I have to give the caller credit, though: She signed off with, “You have a nice day, now.” Emily Post would’ve been proud.

Kim Poindexter is managing editor of the Tahlequah Daily Press.

1
Text Only
Columns
  • Wild West pits U.S. government against “We the people”

    Unless one has been living under a rock over the past week, one couldn’t have missed the recent standoff in Nevada between a rancher and the U.S. government. It’s only one incident in many that has the government of the people pitted against the people.

    April 16, 2014

  • Bodily functions don’t belong in job interviews

    For all you soon-to-be college grads who will be trying to join the rest of us suckers in the workforce, I have a word of advice: Don’t pass gas during the interview.

    April 14, 2014

  • As Moore tornado anniversary nears, documentaries ask, ‘Where was God?’

    But one question put to readers in a publication that crossed my desk was a bit confusing to me. It asks its readers: “Where was God?”

    April 9, 2014

  • A pound of bacon is better than a pig in love

    Whatever happened to the cavemen in the Geiko insurance commercials? Those were some of the least-offensive TV blurbs I’ve ever seen, and they were original. But like any other good idea, this one fell victim to the kind of corporate tampering that always insists on fixing what ain’t broken.

    April 7, 2014

  • Escape from Auschwitz: To the 21st century

    One would have to question whether our world has gone mad in this, the 21st century, or if we are doomed to repeat the historical past.

    March 30, 2014

  • Volunteers needed to ‘Clean up Tahlequah’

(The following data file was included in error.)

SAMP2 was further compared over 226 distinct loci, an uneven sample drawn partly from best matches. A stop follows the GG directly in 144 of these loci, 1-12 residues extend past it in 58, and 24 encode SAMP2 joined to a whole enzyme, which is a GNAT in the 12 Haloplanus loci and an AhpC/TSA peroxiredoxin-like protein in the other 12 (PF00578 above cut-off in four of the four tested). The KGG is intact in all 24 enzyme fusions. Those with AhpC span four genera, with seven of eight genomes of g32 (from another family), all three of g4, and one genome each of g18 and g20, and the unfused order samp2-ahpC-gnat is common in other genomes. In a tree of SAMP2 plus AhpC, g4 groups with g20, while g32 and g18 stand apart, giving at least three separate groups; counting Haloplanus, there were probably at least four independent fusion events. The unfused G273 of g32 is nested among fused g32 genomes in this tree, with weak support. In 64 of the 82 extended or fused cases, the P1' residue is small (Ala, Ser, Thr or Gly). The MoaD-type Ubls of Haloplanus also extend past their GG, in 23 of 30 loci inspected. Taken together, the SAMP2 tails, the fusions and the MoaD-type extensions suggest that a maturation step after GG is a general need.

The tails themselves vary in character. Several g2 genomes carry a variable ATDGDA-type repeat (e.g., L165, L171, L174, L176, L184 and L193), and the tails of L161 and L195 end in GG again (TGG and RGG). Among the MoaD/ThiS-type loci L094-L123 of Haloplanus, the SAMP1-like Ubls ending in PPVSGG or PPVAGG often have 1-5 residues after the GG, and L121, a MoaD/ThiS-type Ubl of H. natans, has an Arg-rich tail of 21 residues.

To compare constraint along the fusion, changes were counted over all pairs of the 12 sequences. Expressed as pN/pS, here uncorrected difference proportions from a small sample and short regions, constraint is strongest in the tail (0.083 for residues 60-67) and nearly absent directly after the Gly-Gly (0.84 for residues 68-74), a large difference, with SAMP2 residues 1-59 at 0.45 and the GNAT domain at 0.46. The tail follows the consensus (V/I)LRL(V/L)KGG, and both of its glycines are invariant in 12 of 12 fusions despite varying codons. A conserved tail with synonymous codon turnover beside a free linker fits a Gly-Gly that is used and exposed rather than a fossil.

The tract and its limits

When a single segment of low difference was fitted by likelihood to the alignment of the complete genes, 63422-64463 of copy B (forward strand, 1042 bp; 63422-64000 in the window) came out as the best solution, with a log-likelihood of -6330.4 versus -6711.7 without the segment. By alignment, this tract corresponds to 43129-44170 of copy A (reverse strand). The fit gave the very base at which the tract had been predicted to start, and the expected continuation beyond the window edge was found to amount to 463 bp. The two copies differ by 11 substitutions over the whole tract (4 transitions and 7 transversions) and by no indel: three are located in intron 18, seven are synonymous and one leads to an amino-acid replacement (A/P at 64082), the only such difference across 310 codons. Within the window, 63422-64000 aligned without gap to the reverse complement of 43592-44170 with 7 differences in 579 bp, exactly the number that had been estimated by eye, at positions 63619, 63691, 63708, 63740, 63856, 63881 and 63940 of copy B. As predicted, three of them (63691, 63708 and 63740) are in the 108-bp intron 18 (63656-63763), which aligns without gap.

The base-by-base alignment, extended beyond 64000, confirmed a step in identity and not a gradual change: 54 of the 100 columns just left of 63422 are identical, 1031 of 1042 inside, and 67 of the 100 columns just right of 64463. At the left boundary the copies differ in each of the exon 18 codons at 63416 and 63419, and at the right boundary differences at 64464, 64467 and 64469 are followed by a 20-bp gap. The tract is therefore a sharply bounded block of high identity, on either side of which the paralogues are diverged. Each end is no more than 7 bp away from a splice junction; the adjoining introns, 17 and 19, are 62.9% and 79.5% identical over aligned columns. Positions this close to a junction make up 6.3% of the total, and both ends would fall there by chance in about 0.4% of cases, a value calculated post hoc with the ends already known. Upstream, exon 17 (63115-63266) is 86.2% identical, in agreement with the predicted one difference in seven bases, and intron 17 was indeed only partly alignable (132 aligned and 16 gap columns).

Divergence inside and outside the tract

There’s a movement afoot that tugs at the pride of the folks calling Tahlequah and the rest of Cherokee County home. It’s an appeal for everyone – from the youngest to the oldest – to clean up the turf around them. Call it a campaign or a program, but what it really boils down to is a shoutout to all of us to resist contributing to the roadside trash we see, now that the snows of winter are behind us.

    March 24, 2014

  • U.S. debt threatens dollar as world currency

    March 16, 2014

    March 17, 2014

  • A sense of entitlement

    March 16, 2014

    March 17, 2014

  • It’s the publisher who sets the tone – and courage is key

    Daily Press readers should be gratified to know they have a publisher who brings courage and experience to our newspaper; who will stand as a bulwark against outside forces that might try to suppress information; and who believes in the tenet of “fair comment and criticism.” Anyone who knows me can attest I’ve always felt the same way – but the editor doesn’t get to set the tone, unless the publisher allows it.

    March 10, 2014

  • Putin switches attention from Olympics to taking over Ukraine

    Russia’s President Vladamir Putin, former head of the KGB before the Soviet Union splintered under the weight of the arms race, has taken up his old habits now that the international community has vacated Sochi and the Olympic torch has been extinguished.
    It seems as though Putin wants the old Soviet Empire to rise again.

    March 6, 2014

Poll

What to you think of a state Legislature proposal to forbid cities from raising the minimum wage? Choose the closest to your opinion.

The federal government should set the minimum wage across the board.
States should be allowed to raise their minimum wages, but not cities.
Both states and cities should be allowed to raise their minimum wages.
Cities should be allowed to raise their mimum wages, but not states.
There should be no minimum wage at all.
Undecided.
     View Results
Tahlequah Daily Press Twitter
Follow us on twitter
AP Video
Raw: More Than 100,000 Gather for Easter Sunday Raw: Greeks Celebrate Easter With "Rocket War" Police Question Captain, Crew on Ferry Disaster Raw: Orthodox Christians Observe Easter Rite Ceremony Marks 19th Anniversary of OKC Bombing Raw: Four French Journalists Freed From Syria Raw: Massive 7.2 Earthquake Rocks Mexico Captain of Sunken SKorean Ferry Arrested Raw: Fire Destroys 3 N.J. Beachfront Homes Raw: Pope Presides Over Good Friday Mass Raw: Space X Launches to Space Station Superheroes Descend on Capitol Mall Man Charged in Kansas City Highway Shootings Obama Awards Navy Football Trophy Anti-semitic Leaflets Posted in Eastern Ukraine Raw: Magnitude-7.2 Earthquake Shakes Mexico City Ceremony at MIT Remembers One of Boston's Finest Raw: Students Hurt in Colo. School Bus Crash Deadly Avalanche Sweeps Slopes of Mount Everest
Stocks